Today’s IMDB Top 250 Guest Review comes from Luke of Oracle Of Film. He’s already reviewed Batman Begins (review HERE) & The Dark Knight (review HERE). Thanks again for doing all these, Luke! 🙂 Now let’s hear his thoughts on the final film in Christopher Nolan’s trilogy, The Dark Knight Rises, IMDB rank 38 out of 250…
There are still some movies up for grabs if anyone wants to do a guest IMDB Top 250 review. You can find the list of remaining films HERE. See the full list & links to all the reviews that have already been done HERE.
THE DARK KNIGHT RISES: THE REVIEW
Director: Christopher Nolan
Cast: Christian Bale, Tom Hardy, Gary Oldman, Michael Caine, Joseph-Gordon Levitt, Anne Hathaway, Marion Cotillard and Morgan Freeman
Plot: Batman is long gone, the Harvey Dent Act putting rest to all organised crime. However, when a dangerous mercenary hell-bent on vengeance arrives in Gotham, it seems like the perfect time for the Batman to rise once again.
The Dark Knight Rises has taken a bit of a beating recently. I admit that there are so glaring plot holes in the story that not even rasping ‘Because Batman’ can truly fix. Fans, after being euphorically lifted by the magnificence of the Dark Knight, were left underwhelmed at the finale in the Dark Knight trilogy. These reactions all surprised me, because, in my books, The Dark Knight Rises is the best Batman movie to date.
Look past the plot and you realise that Nolan’s aim is creating a more thematic conclusion to the trilogy. This is about every Batman fan’s number one question: when does it end? Does Batman simply hang up the cape one day or does he die in the line of battle? Nolan opens his story with a Gotham no longer in need of a Batman. Dent’s death inspired the Mayor to create a tougher police force, wiping organised crime from the city. The Batman faded away, believed to be a murderer. However, just when the city had gotten lazy, anarchist Bane arrives in the town and uses the luxury of the rich to turn Gotham in on itself. Batman, fuelled by past glories, returns and is quickly subdued. Gotham surrenders to the rule of Bane and Batman is a thing of the past. Christopher Nolan keeps the tone measured perfectly, always hitting the correct notes, whenever he needs an emotion card to be played. When he wants us to feel despair, we have our hearts in our mouths. When he wants us to feel sadness, we feel our throat choking up. And when he wants us to soak in happiness and the awesomeness of seeing the Dark Knight back in action, we are in the palm of his hand, letting the guy who remastered the mythology of the Batman, show us how good cinema can actually be.
The biggest complaint that I heard of the Dark Knight Rises is a very slow middle act. Batman disappears from the plot totally and we get the story of freedom fighters, struggling to take the city away from the all-knowing Bane. Sure, it does feel a little jarring, when we are given break-neck action, only for Nolan to hit the brakes and leave us out in the cold. But, it is all for a good reason. For one, it makes us feel the absence of the Batman. The tone is kept grim and despairing as we realise that, in ending the trilogy, anything could happen. It also means that when the Batman returns, it is one of the most uplifting movie moments of 2012. The second reason for letting Nolan slow the action right down is that the supporting cast are given precious moments to look cool. Gary Oldman, always threatening to steal the show from everyone else, gets a much larger slice of the action. Newcomer Joseph-Gordon Levitt shows himself as one of the newer action heroes on the block. Looking at the trilogy on a whole, this is a refreshing change of pace and lets every card get played, rather than letting certain sides of the story get lost for a more mainstream style of blockbuster.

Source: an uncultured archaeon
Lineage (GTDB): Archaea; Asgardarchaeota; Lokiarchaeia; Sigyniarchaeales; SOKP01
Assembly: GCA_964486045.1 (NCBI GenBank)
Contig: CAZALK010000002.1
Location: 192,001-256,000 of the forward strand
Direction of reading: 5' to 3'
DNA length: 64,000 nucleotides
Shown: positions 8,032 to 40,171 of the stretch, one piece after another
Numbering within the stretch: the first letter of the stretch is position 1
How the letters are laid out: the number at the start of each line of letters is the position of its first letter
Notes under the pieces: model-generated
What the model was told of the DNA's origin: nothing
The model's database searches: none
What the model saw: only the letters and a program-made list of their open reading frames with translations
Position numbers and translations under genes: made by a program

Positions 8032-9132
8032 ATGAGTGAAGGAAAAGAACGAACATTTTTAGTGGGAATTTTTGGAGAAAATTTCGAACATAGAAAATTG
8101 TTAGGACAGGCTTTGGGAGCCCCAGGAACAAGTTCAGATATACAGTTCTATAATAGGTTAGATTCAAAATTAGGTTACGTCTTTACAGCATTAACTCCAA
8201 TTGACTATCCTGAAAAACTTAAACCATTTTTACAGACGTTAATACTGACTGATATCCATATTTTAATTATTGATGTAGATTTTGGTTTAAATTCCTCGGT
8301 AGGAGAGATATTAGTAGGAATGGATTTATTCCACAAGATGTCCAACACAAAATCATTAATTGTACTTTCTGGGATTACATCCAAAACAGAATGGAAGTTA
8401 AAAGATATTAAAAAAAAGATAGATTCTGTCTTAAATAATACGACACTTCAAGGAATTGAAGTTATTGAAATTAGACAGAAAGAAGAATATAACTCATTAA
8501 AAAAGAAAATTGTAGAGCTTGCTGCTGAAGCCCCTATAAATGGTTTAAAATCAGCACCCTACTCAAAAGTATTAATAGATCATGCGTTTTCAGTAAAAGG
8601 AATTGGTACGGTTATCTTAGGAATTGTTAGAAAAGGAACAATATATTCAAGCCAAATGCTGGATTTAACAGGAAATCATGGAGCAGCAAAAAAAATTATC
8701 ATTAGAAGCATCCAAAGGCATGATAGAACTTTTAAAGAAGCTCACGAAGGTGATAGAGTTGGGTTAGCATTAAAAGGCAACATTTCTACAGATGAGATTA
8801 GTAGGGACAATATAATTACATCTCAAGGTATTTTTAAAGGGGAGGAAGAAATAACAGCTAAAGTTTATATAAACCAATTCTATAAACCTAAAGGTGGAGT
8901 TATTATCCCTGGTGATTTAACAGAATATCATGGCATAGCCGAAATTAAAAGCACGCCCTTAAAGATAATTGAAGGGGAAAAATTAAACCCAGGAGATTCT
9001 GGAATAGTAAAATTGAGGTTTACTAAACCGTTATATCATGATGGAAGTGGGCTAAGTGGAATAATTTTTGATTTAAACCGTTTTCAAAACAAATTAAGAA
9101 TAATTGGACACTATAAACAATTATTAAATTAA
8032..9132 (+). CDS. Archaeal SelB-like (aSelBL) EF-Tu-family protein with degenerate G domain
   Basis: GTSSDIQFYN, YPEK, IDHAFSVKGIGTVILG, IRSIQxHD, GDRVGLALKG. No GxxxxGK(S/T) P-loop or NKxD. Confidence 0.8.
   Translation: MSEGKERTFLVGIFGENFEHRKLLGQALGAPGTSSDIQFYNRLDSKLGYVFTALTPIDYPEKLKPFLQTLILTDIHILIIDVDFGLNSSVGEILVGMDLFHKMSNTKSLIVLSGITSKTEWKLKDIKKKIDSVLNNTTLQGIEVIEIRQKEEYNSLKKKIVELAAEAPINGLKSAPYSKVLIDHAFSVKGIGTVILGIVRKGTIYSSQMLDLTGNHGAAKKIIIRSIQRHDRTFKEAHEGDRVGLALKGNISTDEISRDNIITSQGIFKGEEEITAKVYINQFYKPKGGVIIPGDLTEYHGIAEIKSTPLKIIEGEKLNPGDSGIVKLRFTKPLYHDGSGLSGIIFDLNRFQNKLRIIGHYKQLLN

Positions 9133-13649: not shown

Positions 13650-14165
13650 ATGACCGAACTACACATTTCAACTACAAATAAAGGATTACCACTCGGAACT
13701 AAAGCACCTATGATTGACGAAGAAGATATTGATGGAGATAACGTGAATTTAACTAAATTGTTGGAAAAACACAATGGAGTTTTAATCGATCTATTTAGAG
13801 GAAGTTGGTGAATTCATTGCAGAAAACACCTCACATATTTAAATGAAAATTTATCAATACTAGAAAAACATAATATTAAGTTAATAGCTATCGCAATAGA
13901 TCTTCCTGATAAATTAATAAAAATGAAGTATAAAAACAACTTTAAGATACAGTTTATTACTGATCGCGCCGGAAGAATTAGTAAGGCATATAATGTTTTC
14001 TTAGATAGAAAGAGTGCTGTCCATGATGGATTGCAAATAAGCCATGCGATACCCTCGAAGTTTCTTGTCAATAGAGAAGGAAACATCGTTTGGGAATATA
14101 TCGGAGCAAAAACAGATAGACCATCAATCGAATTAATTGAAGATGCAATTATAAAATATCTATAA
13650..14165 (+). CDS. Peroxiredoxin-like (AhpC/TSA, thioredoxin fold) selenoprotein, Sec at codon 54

Another great addition is the villains. Bane has always had a rough deal in the Batman universe, going from the most cold-hearted mercenary in comic history and being resorted to a slapstick thug in ‘Batman and Robin’. Even the games, which have a habit of showing most villains in a positive light, turn Bane into a junkie. Here, on-the-nose casting lets Tom Hardy bring Bane back to one of the most intimidating figures in the trilogy. We have had some great nemesis figures for Batman to face off against, but none have come as close to victory as Bane. The Joker may have broken Batman’s spirit, but it was Bane that actually broke his body. Also, Nolan takes my least favourite villain, the Catwoman, and makes her relevant to the story. She actually makes sense and, while she still sticks out like a sore thumb at certain beats, her addition eventually becomes a key part of the conclusion. There is one more bad guy here, but the less said about that the better. The thrill is in the mystery.
I could rave about how the massive moments really send the Dark Knight Rises into the history books. The final fight on the streets of Gotham, the first fight between Batman and Bane, the heart-breaking explosion over the waters of Gotham… But it is the smaller beats that really make the film. My favourite moment is when Alfred confesses his secrets to Bruce Wayne. It is the quiet disappointment of Christian Bale that gets to me. He is too far gone to break down, but we can see the exhaustion in his eyes, the losses he has faced destroying his soul. This is a man on the way to his deathbed. Easily forgotten, but another testament to how impressive Christopher Nolan’s depiction of the Batman really is.
Final Verdict: Yes, I’m giving every Dark Knight movie five stars. Why? It is the greatest movie trilogy of all time and that’s not an easy competition to win.